Foodservice Footprint Chickens With poultry production and standards on the up, will emissions follow suit? Out of Home News Analysis  news-email

With poultry production and standards on the up, will emissions follow suit?

Foodservice companies have committed to higher chicken welfare standards, but there could be a carbon cost in doing so, asks David Burrows.

UK consumption of chicken needs to be dramatically reduced, according to a new report, which outlines the environmental impact of poultry production as well as concerns relating to animal welfare.

Dropping red meat, like lamb and beef, in favour of poultry is often regarded a “sustainable” solution given the greenhouse gas savings (a recent collection of studies showed a kilo of chicken produced 9.9kg of greenhouse gases, compared to 99.5kg for beef). Chicken production also requires significantly less land and is often seen as the “healthier” meat.

But production of poultry is spiralling out of control, according to the Eating Better alliance. “We need to call out that further growth of chicken production is not a health or sustainability solution,” said executive director Simon Billing.

Sales of poultry overtook red meat for the first time in 2017, but continuing to promote further growth as a sustainability solution “does not make sense,” Billing said.

The report, “We Need to Talk about Chicken, acknowledges that intensive production of chickens has a lower carbon footprint but highlights the additional “unacceptable” costs of production, many of which remain “hidden”.

Feed is a particular concern. The UK imports around 3m tonnes of soya annually, almost 60% of which is used by the poultry industry. Over half of the soya used to feed poultry in the UK is not certified deforestation-free, the alliance noted.

Intensive chicken sheds can also release ammonia emissions from damp litter and from spreading manure on land. Poultry farming produces 15% of the UK’s agricultural ammonia emissions, according to Defra. There is guidance available on how to reduce emissions and, as part of its 2019 Clean Air Strategy, the government said it would introduce new rules for intensive housing to “minimise environmental pollution to air”. But the regulations are yet to materialise.

That chicken is a healthy meat is also worthy of debate, said Eating Better. The fat content of chicken increased from 8.6g of fat per 100g in 1970 to 22.8g of fat in 2004. Chicken now offers “69% less iron” than in 1940 and “five times less” omega-3 than in 1970.

Eating Better also wants to see a switch from high-volume intensively reared chickens to lower volumes produced to “better” standards. This is a big ask: the UK produces 850m chickens a year, of which 95% is in intensive indoor units; the remainder is reared to “higher welfare” standards, such as organic and free-range.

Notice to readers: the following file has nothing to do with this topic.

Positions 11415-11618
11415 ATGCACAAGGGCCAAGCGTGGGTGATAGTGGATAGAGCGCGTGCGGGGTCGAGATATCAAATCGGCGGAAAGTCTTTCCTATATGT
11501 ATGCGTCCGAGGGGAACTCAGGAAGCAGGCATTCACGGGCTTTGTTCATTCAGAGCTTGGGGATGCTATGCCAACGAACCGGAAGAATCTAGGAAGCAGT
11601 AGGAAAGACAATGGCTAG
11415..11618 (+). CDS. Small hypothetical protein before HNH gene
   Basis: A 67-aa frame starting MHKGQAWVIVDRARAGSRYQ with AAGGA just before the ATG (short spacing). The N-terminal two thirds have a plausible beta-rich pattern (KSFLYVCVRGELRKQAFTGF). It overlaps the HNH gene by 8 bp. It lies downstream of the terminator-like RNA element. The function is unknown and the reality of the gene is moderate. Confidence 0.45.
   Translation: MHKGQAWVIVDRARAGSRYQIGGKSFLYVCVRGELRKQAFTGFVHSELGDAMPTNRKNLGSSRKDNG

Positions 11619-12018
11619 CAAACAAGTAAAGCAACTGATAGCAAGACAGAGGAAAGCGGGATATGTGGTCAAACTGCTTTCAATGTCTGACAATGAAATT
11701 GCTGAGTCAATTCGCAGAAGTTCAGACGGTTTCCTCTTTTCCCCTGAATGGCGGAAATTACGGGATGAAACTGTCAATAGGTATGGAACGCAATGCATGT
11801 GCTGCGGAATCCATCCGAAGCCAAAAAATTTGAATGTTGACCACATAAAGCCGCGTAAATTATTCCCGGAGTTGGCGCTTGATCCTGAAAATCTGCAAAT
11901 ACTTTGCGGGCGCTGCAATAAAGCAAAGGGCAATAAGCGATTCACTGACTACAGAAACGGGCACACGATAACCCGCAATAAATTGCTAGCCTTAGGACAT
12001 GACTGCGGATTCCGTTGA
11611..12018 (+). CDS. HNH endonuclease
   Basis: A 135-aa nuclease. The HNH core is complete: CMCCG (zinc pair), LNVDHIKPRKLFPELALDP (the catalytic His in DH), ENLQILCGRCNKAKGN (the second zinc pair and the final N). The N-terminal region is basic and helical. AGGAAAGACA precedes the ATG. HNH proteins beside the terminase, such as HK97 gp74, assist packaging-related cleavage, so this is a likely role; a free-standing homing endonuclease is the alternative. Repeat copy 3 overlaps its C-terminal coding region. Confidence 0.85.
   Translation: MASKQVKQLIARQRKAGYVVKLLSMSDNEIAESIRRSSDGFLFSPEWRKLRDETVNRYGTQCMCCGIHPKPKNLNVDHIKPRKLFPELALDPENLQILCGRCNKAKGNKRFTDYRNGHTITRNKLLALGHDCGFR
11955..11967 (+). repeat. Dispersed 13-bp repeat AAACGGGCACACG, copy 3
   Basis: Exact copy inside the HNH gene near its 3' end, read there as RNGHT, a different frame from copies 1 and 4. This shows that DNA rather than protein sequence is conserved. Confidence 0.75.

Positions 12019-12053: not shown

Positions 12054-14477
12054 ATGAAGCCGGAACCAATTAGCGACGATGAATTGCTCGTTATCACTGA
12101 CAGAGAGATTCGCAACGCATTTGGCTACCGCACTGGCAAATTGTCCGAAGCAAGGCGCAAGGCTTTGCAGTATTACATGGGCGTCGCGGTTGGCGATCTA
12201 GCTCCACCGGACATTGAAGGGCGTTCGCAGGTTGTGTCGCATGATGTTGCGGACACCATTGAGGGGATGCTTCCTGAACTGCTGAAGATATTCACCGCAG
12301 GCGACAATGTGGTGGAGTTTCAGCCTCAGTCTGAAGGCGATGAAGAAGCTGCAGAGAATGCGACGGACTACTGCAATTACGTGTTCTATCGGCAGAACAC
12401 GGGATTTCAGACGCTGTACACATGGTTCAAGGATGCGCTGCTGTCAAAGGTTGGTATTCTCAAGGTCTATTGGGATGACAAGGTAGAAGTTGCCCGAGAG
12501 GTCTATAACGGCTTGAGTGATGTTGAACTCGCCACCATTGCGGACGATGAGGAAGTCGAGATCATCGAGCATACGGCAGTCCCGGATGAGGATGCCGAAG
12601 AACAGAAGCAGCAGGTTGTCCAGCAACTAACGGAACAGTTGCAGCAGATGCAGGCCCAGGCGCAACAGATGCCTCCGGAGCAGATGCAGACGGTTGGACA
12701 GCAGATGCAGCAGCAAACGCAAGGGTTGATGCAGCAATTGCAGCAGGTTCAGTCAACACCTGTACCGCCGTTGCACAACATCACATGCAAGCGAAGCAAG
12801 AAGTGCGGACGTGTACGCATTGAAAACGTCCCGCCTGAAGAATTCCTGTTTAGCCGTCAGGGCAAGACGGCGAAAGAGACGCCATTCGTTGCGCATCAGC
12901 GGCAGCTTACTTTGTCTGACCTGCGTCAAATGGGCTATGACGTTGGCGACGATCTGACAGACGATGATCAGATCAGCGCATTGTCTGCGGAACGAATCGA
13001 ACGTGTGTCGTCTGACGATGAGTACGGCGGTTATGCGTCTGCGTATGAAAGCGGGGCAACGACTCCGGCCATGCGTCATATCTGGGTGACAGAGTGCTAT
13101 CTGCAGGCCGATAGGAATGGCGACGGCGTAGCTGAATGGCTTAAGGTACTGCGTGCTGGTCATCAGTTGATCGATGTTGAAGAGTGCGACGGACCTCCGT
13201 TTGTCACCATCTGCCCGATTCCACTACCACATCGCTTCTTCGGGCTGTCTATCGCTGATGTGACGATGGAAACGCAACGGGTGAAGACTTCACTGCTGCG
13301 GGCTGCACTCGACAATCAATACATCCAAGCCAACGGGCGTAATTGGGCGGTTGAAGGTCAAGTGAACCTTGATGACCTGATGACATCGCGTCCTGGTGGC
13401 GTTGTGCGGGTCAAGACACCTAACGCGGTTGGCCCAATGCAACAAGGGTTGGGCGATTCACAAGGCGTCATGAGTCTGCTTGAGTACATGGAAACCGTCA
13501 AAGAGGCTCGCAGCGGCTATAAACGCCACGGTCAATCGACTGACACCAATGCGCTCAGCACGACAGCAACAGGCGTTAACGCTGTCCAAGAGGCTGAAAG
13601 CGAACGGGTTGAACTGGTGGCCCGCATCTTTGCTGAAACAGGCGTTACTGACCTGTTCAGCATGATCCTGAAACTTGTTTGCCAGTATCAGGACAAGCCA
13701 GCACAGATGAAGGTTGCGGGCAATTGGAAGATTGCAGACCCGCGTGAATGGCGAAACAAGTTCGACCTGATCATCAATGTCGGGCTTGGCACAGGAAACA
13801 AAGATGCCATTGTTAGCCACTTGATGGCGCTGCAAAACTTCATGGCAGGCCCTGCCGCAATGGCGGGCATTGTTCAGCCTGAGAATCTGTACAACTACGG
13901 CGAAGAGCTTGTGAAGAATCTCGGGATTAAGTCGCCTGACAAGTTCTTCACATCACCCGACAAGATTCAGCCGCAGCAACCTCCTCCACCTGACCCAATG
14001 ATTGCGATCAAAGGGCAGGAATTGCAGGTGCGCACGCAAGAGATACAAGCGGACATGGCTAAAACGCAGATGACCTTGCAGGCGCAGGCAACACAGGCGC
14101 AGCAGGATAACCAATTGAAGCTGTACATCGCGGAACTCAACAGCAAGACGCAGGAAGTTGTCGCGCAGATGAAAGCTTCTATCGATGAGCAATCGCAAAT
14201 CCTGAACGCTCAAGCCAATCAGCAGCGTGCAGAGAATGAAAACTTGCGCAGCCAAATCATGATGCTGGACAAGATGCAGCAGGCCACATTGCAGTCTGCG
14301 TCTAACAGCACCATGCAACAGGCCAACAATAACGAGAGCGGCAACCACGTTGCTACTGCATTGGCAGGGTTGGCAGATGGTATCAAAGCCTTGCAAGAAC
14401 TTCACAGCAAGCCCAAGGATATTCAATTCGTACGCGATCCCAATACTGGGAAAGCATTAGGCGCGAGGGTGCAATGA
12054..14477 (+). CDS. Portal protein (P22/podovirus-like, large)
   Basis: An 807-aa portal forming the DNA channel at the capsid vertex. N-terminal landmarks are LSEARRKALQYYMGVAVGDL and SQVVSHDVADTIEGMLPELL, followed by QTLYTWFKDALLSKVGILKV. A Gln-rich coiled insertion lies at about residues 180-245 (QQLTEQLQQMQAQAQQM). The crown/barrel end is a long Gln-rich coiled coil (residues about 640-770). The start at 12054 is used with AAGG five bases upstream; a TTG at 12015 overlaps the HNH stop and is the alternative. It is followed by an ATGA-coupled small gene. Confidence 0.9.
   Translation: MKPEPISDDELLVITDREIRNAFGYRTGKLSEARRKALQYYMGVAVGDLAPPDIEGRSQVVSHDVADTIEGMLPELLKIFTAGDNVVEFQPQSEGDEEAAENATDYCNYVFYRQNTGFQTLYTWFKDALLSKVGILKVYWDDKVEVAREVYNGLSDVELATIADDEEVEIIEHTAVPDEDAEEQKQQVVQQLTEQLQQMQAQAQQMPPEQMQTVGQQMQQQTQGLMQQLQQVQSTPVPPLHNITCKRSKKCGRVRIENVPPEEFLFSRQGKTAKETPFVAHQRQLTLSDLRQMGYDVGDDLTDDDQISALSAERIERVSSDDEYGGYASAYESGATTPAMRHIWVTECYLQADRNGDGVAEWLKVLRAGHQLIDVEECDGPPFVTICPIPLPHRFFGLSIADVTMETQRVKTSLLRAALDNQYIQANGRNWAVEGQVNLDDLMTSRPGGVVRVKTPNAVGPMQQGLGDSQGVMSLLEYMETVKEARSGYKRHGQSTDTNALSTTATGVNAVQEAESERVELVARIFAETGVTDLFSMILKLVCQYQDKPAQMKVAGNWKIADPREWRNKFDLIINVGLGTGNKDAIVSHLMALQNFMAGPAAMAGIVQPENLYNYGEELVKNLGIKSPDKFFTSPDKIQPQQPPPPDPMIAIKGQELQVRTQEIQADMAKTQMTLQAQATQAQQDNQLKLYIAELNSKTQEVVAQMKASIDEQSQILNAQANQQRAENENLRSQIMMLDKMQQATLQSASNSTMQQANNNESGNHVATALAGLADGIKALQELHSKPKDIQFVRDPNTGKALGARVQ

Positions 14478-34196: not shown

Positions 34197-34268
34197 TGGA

Still, many food companies are moving towards such systems. For example, 100 firms have signed up to the European Chicken Commitment (ECC). KFC, Casual Dining Group, Unilever, Compass Group and Elior have all committed to 100% ECC chickens by 2026. The voluntary standard requires suppliers to reduce stocking densities and adopt slower-growing breeds. “Momentum is building, and we are on the cusp of a significant change for broiler chickens,” explained Tracey Jones, director of food business Compassion in World Farming.

However, the British Poultry Council (BPC) recently warned that shifting wholesale to such standards would push up emissions and potentially put farmers out of business.

Addressing January’s “Pigs and Poultry – Optimising Production” event in Scotland, run by Moredun Research Institute (MRI), BPC technical director Máire Burnett said moving towards lower stocking densities and slower-growing birds would also be “less sustainable” and more costly to farmers.

The NFU has claimed the Better Chicken Commitment (also known as the ECC) would not significantly improve animal welfare and would increase production costs, greenhouse gas emissions and water use by 18%, 23% and 22% respectively.

Indeed, whether people will pay more for free-range chicken as they do eggs is only half the question; will they also accept these “happier” chickens come with a bigger carbon footprint? Of course, we could always consume less, which is the very point Eating Better is making.